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How to Treat Librium Addiction

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Librium, the trade name for the benzodiazepine chlordiazepoxide, is a tranquilizer that, when misused, may become addictive and cause increasing negative effects as a result of usage that only worsen with time.

Going through benzodiazepine addiction yourself or watching someone you love struggle can take a huge toll. However, there are many ways to get help, from utilizing family therapy to seeking the assistance of professionals through a community reinforcement approach. You and your loved ones don’t have to suffer through the impact of Librium addiction one more day.

How to Approach an Addict

There are several effective ways to approach and support your loved one.  Sharing that you care and are concerned is a good way to start the conversation. Quitting Librium is a difficult and scary process for the user; your loved one will need genuine assistance, encouragement, and support to get help 1.

Rather than making threats, which can lead to your loved one becoming defensive, try to develop incentives to boost his or her willingness to speak to a professional, such as a therapist or doctor 1.


Worried someone you love is abusing Librium? Listen for these street names:

  • Blues.
  • Chill pills.
  • Downers.
  • Tranks.
  • Benzos.

If someone you care about is addicted to Librium, you may need to try new approaches to encourage them to seek help, such as holding an intervention. Loved ones of addicts often feel worried, afraid, angry or resentful. These feelings can lead to heated, threatening, or confrontational communication, which can undermine the intention of providing help. Worse, such feelings can lead to an argument or even a violent outburst 1.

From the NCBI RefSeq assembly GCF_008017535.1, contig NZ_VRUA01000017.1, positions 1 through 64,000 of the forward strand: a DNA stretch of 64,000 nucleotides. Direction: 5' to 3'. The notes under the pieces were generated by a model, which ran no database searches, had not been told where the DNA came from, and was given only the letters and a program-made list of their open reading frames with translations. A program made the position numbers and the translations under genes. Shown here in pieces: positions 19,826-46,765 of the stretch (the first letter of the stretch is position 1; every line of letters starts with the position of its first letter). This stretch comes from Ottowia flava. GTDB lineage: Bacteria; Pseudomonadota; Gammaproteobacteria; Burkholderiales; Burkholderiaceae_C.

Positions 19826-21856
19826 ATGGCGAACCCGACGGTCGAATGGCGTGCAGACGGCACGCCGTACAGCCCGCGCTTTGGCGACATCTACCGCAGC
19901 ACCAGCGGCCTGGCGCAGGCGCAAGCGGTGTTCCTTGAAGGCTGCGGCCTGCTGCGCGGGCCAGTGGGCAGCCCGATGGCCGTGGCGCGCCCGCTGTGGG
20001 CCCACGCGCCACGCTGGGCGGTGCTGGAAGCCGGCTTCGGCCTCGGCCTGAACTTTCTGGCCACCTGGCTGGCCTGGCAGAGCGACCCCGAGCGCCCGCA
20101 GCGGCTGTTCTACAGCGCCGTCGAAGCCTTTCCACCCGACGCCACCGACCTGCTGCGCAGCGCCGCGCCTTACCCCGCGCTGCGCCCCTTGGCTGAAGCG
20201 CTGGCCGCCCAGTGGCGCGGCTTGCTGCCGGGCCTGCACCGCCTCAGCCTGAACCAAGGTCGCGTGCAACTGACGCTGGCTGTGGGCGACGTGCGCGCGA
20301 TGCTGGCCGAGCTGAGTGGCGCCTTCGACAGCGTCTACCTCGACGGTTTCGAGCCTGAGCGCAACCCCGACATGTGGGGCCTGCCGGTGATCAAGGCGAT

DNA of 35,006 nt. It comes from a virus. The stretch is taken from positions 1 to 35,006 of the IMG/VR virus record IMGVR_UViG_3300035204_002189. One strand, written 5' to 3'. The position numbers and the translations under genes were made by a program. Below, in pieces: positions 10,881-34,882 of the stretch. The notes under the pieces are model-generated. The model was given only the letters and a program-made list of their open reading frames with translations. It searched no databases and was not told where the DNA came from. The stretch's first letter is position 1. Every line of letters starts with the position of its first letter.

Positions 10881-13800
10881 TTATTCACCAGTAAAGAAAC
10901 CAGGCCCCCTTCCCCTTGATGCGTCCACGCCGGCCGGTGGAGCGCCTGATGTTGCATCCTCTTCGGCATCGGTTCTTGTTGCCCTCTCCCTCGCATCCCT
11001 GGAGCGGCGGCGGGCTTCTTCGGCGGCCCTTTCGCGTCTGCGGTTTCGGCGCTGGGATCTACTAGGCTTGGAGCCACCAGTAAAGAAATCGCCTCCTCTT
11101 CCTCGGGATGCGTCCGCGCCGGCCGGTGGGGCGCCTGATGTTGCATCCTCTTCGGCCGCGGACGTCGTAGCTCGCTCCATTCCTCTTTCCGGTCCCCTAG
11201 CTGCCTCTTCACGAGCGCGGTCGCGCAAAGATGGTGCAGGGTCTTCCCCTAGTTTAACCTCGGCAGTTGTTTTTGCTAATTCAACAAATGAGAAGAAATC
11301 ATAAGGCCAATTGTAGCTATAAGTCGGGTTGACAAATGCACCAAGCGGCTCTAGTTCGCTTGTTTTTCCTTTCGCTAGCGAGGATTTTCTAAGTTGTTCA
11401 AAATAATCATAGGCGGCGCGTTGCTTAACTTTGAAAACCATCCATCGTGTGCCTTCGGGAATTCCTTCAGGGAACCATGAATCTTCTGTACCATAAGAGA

Ideally, an an experienced professional should lead an intervention, in consultation with a substance abuse counselor, doctor or therapist 2. This protocol allows the tone to remain neutral while allowing the loved ones of the addicted individual to have a heart-to-heart conversation about the impact the drug use has had on all of them 2.

An intervention should only involve those who can express care, concern, and support without judgment.

Family Therapy and Support Groups

Addiction is often called a family disease, not simply because of the hereditary component, but because it so often severely affects family members and other loved ones.

Family members may consider going to therapy or attending support groups specifically for the loved ones of addicts, such as Al-Anon or Nar-Anon. Therapy or self-help groups can give you space to manage your feelings of anger, fear, resentment, frustration and confusion, as well as learn how to set boundaries and help your loved one stay sober.


Another technique, known as Community Reinforcement and Family Training (CRAFT), educates family members about skills they can practice to motivate the Librium addict to seek treatment 3.

Studies have demonstrated the effectiveness of CRAFT 3, 4. This technique is especially useful when a loved one is resistant to seeking treatment. A CRAFT therapist meets with the family without the addict present and collaboratively works to eliminate any reinforcement of Librium use, replacing these behaviors with positive reinforcement of the individual’s abstinence 4.

This goal is accomplished using various cognitive-behavioral therapy techniques to teach family members how to 3:

  • Support a sober way of life.
  • Encourage the Librium user to enter treatment.